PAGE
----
Fashion Fancy a shirt made of flax or soy fibre? Designers push the boundaries with organic clothing, finds Sangeetha Devi Dundoo
B ina Rao, the city-based entrepreneur and designer who has worked with handlooms for decades, is now in France to showcase her collection of naturally-dyed organic stoles and garments in silks and fine cottons, made from organic yarn that she sourced from a mill in Coimbatore. At the ongoing International Symposium and Exhibition of Natural Dyes 2011, she will also be part of a session on Green Fashion and Certification and Labeling of Natural Dye Products.
Now, why are we talking of organic clothing? The World Earth Day is just past us and it will be a while before World Environmental Day comes along. But these days, you don't need an occasion to talk of eco-consciousness. From jute bags to cloth bags announcing their love for all things ‘green', an organic way of life is in vogue. For some, it's a genuine intention to wear clothing made of natural fibres, eat organic food and do their bit to be eco-friendly. For others, a vacation at an organic resort or shopping for organic clothing is a cool thing to do. In both cases, the fledgling organic market stands to benefit.
“Organic clothing being in vogue is not surprising. Ayurvedic clothing concept started in India,” says Digvijay Singh, whose prêt wear for Bhu:Sattva is made from natural fibres — cotton, khadi, ahimsa silk, wool, linen, hemp, bamboo, flax, banana, pineapple and even soy bean. “Globally, eco-conscious people are talking of organic clothing,” he says.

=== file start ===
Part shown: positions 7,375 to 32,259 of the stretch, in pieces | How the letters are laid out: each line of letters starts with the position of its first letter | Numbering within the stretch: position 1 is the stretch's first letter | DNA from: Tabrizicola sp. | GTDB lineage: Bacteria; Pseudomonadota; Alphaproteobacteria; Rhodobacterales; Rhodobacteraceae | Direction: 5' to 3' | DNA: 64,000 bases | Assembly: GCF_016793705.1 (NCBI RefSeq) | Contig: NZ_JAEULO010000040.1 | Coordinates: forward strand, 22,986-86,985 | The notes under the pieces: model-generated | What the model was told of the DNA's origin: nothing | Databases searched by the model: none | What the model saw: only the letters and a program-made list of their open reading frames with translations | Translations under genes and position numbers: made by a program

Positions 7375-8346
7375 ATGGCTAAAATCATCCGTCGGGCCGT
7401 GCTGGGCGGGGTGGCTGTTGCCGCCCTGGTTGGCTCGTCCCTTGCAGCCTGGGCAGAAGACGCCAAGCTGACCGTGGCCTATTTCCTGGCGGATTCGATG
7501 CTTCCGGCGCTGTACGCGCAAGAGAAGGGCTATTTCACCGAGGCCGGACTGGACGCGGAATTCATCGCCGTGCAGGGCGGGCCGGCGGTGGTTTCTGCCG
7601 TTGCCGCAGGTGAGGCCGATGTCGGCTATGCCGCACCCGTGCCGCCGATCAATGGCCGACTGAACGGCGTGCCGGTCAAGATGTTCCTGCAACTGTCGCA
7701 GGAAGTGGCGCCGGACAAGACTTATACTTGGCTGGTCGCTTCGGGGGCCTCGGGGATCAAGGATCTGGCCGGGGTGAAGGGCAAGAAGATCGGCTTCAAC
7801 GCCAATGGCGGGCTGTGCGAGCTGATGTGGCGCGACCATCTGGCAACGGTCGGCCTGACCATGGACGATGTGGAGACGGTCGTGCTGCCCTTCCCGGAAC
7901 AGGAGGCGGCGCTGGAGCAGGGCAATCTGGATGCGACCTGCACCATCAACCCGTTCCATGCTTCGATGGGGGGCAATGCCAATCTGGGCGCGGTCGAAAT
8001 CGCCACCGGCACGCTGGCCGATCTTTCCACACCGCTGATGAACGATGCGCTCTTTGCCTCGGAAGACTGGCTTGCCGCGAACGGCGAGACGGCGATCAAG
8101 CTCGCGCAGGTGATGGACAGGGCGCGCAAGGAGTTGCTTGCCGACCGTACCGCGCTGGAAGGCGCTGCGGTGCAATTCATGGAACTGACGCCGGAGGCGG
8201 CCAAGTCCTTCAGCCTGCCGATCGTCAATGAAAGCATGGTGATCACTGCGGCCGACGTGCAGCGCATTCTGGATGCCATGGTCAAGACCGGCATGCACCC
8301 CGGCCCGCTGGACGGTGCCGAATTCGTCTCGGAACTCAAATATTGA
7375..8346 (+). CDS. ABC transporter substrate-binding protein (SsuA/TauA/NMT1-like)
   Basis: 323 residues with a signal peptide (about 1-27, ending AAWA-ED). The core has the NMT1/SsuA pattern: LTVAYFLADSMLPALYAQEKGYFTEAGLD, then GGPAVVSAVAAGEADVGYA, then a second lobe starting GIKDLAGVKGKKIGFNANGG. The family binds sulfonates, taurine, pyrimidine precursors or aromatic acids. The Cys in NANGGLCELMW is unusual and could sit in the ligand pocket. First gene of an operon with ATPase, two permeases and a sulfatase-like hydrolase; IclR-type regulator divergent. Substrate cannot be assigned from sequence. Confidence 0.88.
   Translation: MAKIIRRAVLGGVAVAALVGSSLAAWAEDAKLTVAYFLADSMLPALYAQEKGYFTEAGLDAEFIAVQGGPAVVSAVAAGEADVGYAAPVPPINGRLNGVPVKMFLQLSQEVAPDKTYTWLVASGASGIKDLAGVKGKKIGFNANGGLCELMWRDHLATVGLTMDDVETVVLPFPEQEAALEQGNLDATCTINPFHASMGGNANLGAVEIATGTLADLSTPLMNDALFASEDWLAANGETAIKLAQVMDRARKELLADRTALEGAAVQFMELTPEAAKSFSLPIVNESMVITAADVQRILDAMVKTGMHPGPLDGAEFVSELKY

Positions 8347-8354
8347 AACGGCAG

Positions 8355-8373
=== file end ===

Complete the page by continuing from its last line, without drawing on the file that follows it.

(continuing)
Digvijay Singh is among the handful of Indian designers focusing on eco-friendly clothing. Joyjit Talukdar, Anita Dongre, Rahul Misra, James Ferraira, Aneeth Arora, Jason and Anshu are some of the designers who have showcased their organic garments in several editions of Lakme and Wills Lifestyle Fashion weeks.
Joyjit Talukdar sees designing eco-friendly garments as his way of giving back to society. “My choice of fabric varies from cotton to milk jerseys to bamboo fibre,” he insists. His label Ela, like Aneeth's label Pero and Digvijay's Bhu:Sattva, has a niche clientele in Hyderabad.
Anita Dongre uses organic cotton for her line ‘Grassroots' and Rina Dhaka, too, has dabbled with organic clothing. Many of these designers have taken their collections internationally but admit that in India, the market for organic clothing is limited. Blame it on steep pricing and scarcity of natural fabrics.
“You need to ensure that the cotton used is truly organic. And very few people deal with soft, malleable bamboo fibre and milk jerseys. We try to keep the prices in check,” says Joyjit. Agrees Bina: “The yarn is priced higher and reasons such as low yield are cited. So inevitably the pricing of the garments tends to be high. This is a deterrent since India is a price-sensitive market.”
Digvijay, who works on Global Organic Textile Standard (GOTS) certified cotton, points out other constraints, “We cannot go with trend forecasts as far as colour palette goes. Natural fibres don't take certain colours well.” Natural dyes are made from beetroot, turmeric, pomegranate, henna, indigo, madder root, certain flowers and leaves.
Rina Dhaka feels more consumers will take to organic clothing if it is made affordable. “I've met people who genuinely want to buy but hesitate because of the prices. Scarcity of fabric is a limiting factor. I've sourced organic fabric from Shop for Change for my collections,” she says.
A glimmer of hope lies in retail brands such as Wills Lifestyle (eco-style summer collection) and Woodlands launching GOTS certified organic cotton collections this year, which can help bridge the price gap.